I can write about this from two perspectives: as a published writer and as a publisher. I have almost finished completing a proposal for an academic book. It is actually finished but festering on my computer while I get some distance and revise once more before I send it off. As with all non-fiction, you write a detailed proposal before you write any of the book apart from maybe a sample chapter or two. And yet still more of the questions were about marketing strategies and how I would self-promote than about the content I was going to produce.
Those of us who write fiction are only too well aware that our publishers expect us to get involved. In fact, successful writers can become so caught up in a whirlwind of book signing, local newspaper and radio interviews and readings - and for children’s authors also school visits - that they don’t have time to work on the next one.
Shouldn’t the publisher be organising all of that? Yes, of course, to a certain extent. Yet there are only so many hours in the day and pennies in the budget. There is actually only a small window of opportunity. A publishing house, big or small, has to at some time move on to the next book and the next author. The budget only goes so far: review copies, a book trailer, and submission for prizes. Which is best? Small press or the Big Six? The former has fewer overheads; the latter has a higher profile. Word of mouth is the most effective tool in both cases.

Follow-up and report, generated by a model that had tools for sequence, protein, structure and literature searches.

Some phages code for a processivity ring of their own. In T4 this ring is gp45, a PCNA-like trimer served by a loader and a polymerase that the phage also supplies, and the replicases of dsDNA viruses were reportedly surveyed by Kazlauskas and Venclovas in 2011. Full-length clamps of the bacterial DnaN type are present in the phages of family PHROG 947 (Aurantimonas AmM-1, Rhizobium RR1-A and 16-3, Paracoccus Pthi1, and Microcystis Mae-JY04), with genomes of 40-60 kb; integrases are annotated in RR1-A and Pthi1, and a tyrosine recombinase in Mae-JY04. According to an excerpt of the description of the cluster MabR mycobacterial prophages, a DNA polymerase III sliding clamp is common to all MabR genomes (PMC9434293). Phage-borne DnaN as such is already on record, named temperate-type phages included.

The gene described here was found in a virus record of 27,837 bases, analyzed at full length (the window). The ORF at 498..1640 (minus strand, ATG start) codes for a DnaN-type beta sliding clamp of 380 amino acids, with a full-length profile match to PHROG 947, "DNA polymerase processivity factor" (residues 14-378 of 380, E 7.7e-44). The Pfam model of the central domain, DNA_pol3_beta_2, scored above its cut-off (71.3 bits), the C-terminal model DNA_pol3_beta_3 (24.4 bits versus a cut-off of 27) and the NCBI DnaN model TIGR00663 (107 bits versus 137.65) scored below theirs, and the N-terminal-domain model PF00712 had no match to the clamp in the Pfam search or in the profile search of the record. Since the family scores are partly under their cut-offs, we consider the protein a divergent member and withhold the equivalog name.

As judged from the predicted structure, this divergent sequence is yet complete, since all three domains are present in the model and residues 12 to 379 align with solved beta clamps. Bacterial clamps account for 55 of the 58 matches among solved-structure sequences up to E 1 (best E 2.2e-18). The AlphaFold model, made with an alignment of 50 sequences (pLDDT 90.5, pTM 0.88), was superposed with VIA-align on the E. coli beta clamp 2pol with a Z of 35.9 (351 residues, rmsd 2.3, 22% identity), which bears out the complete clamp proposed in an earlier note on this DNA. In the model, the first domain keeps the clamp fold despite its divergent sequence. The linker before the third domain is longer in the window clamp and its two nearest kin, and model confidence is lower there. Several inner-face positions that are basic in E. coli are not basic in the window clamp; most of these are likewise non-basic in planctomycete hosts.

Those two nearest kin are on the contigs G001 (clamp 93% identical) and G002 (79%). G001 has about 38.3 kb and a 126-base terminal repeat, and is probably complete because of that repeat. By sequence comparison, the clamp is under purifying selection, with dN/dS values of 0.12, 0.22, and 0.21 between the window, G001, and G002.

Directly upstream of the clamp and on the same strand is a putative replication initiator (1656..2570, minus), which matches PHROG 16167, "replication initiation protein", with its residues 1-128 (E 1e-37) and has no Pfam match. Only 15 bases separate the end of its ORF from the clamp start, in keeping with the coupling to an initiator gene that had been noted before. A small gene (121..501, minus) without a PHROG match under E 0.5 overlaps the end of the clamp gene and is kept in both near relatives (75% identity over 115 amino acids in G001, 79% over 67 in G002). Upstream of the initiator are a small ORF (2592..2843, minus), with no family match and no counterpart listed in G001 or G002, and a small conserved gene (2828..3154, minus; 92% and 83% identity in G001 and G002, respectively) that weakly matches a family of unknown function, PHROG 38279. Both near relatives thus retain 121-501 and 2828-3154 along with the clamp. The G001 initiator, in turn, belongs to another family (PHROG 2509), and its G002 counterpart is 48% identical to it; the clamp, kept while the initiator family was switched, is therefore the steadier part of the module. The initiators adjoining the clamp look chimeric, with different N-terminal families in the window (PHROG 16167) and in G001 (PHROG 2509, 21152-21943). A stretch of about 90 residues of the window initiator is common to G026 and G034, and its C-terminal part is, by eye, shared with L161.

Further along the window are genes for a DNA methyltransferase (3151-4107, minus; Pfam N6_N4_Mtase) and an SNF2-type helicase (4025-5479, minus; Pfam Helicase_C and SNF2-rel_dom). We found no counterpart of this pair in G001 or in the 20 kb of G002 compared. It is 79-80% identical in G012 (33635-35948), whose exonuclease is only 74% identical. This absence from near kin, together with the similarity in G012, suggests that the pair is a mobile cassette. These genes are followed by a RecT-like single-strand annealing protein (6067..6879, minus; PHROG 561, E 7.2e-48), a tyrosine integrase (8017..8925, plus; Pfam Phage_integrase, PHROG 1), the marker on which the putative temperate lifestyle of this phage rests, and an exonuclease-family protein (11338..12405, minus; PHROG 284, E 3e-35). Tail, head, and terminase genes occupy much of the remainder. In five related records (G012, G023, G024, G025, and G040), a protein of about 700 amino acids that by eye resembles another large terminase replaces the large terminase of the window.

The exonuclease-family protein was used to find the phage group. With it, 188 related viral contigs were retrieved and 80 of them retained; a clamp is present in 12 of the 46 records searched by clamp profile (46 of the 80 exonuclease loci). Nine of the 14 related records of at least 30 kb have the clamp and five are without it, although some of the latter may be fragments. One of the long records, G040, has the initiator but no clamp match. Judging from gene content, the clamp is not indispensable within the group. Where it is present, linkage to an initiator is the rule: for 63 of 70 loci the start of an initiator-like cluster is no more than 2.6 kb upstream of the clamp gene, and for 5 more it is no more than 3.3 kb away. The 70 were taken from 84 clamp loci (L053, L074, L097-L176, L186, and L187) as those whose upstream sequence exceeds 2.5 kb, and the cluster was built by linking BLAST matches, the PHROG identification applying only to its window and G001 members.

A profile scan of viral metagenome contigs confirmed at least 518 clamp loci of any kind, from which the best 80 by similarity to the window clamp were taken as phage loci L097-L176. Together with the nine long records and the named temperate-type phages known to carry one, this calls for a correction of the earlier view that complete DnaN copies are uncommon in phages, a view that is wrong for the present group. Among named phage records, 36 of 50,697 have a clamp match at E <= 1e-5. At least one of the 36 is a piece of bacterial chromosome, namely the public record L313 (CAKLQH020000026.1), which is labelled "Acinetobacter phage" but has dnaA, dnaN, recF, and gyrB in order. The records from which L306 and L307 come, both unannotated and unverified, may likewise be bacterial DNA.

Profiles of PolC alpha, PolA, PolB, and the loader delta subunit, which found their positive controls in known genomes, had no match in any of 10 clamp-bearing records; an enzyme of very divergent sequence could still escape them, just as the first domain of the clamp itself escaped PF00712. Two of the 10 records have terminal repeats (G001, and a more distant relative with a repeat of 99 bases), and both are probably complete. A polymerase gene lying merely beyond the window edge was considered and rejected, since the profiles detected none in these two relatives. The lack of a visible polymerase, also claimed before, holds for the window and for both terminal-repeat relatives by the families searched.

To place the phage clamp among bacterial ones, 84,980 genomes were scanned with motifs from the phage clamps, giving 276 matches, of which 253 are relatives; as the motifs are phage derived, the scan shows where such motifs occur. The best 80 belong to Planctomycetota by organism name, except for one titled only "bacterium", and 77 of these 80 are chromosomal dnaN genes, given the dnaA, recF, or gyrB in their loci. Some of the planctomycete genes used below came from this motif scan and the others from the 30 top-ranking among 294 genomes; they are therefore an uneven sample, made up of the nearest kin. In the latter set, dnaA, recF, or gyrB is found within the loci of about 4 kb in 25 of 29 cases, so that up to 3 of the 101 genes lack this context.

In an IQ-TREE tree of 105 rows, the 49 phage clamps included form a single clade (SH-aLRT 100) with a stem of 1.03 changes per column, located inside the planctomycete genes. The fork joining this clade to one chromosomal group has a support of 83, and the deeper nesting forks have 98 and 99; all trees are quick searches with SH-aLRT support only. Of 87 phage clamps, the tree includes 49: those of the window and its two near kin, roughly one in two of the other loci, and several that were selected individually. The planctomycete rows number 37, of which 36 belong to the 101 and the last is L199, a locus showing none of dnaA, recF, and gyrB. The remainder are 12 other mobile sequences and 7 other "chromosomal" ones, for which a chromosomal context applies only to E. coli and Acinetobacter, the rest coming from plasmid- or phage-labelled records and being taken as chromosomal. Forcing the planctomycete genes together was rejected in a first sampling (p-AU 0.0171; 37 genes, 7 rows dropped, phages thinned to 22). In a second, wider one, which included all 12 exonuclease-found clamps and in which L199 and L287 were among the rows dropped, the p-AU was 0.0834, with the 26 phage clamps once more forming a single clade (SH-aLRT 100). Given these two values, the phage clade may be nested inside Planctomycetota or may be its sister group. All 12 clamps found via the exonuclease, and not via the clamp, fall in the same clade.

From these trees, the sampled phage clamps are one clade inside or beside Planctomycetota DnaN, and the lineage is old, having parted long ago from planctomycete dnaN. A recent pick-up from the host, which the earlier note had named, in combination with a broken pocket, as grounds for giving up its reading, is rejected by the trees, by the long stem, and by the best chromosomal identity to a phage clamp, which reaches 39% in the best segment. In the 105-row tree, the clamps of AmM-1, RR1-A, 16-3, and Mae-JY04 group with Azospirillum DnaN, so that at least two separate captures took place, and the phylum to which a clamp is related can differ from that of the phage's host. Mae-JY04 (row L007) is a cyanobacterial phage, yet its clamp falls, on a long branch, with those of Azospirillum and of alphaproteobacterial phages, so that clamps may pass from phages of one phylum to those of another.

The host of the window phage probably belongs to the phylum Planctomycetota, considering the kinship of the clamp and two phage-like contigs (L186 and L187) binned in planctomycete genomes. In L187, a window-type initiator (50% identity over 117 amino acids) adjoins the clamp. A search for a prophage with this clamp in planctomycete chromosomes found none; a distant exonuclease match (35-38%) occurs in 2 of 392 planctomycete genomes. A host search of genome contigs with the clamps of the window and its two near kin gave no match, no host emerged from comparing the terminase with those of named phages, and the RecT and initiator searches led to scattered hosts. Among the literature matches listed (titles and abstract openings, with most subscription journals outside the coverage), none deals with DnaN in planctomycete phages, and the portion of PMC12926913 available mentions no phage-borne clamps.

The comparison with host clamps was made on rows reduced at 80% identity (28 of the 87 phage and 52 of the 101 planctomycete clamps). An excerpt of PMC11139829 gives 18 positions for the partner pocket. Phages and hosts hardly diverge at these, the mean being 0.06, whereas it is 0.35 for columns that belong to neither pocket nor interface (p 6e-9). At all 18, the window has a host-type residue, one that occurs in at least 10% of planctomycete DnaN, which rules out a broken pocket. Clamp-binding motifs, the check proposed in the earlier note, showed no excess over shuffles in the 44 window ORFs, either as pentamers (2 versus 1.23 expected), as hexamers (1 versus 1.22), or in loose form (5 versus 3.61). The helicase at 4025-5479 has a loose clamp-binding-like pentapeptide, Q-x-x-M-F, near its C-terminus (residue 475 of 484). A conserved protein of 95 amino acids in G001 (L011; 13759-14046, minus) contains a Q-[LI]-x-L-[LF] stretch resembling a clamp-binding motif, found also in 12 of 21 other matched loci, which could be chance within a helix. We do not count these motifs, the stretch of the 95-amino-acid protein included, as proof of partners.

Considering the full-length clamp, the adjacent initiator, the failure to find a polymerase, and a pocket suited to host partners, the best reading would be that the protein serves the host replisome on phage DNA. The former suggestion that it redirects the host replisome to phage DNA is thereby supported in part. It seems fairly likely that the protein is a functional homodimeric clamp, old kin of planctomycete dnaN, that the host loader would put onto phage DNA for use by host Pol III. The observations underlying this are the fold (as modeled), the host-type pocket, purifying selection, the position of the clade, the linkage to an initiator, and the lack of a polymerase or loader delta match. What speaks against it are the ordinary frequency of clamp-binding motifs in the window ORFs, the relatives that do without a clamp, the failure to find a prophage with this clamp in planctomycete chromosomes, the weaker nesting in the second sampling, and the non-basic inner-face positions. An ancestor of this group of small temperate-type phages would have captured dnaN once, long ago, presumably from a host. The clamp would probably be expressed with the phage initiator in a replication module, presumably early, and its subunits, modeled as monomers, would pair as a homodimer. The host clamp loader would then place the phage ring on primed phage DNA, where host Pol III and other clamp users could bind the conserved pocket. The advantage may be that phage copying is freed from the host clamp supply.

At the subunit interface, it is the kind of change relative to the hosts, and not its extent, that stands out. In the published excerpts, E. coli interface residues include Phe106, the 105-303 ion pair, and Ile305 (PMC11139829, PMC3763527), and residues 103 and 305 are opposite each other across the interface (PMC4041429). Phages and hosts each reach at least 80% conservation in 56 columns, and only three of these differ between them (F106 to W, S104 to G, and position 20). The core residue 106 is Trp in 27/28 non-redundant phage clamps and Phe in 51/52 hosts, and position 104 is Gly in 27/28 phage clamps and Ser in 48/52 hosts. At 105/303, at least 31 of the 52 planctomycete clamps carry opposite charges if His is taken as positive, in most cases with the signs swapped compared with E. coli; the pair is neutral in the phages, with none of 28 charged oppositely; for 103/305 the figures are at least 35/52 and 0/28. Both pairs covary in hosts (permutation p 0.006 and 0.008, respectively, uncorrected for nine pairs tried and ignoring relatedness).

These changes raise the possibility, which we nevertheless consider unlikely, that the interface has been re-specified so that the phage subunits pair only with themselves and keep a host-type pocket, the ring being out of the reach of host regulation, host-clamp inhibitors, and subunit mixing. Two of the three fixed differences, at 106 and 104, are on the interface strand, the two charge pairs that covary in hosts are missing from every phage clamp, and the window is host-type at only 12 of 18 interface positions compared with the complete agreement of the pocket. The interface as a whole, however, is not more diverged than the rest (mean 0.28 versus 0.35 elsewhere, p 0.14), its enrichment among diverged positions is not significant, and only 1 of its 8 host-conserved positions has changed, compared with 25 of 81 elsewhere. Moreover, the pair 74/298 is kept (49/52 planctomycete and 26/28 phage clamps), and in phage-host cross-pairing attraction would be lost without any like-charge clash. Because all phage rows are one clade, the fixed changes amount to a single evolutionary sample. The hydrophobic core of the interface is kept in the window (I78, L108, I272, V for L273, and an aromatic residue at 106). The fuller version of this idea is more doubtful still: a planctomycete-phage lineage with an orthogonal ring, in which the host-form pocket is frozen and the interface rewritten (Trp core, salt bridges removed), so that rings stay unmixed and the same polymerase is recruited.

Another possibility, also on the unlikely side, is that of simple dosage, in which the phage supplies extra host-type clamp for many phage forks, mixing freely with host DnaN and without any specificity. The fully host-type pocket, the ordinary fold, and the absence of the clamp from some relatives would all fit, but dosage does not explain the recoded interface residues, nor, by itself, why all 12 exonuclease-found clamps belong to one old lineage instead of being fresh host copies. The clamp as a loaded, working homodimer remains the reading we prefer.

Sadly, the Beatles weren’t the only rock band who were that good in the ‘60’s, much as I love them. Some serendipitous circumstances came together. I’ve read some work submitted for university assignments that is far better than some published work and I’ve read some published work that has made me cringe. There is a lot of subjectivity in this business.
On a personal note I’d like to say that I find it far easier to promote other people’s work than my own. This is where word of mouth – or word of Twitter, Facebook or Amazon review and even words in blogs come in. Quality will out but must be seen. The biggest favour we can do ourselves and each other is to shout about something we find good. Yet, if I shout about my own work too hard, or about what I’ve published, it might not quite be believable. Maybe a way forward is for us always to proactively flag up quality when we see it in others.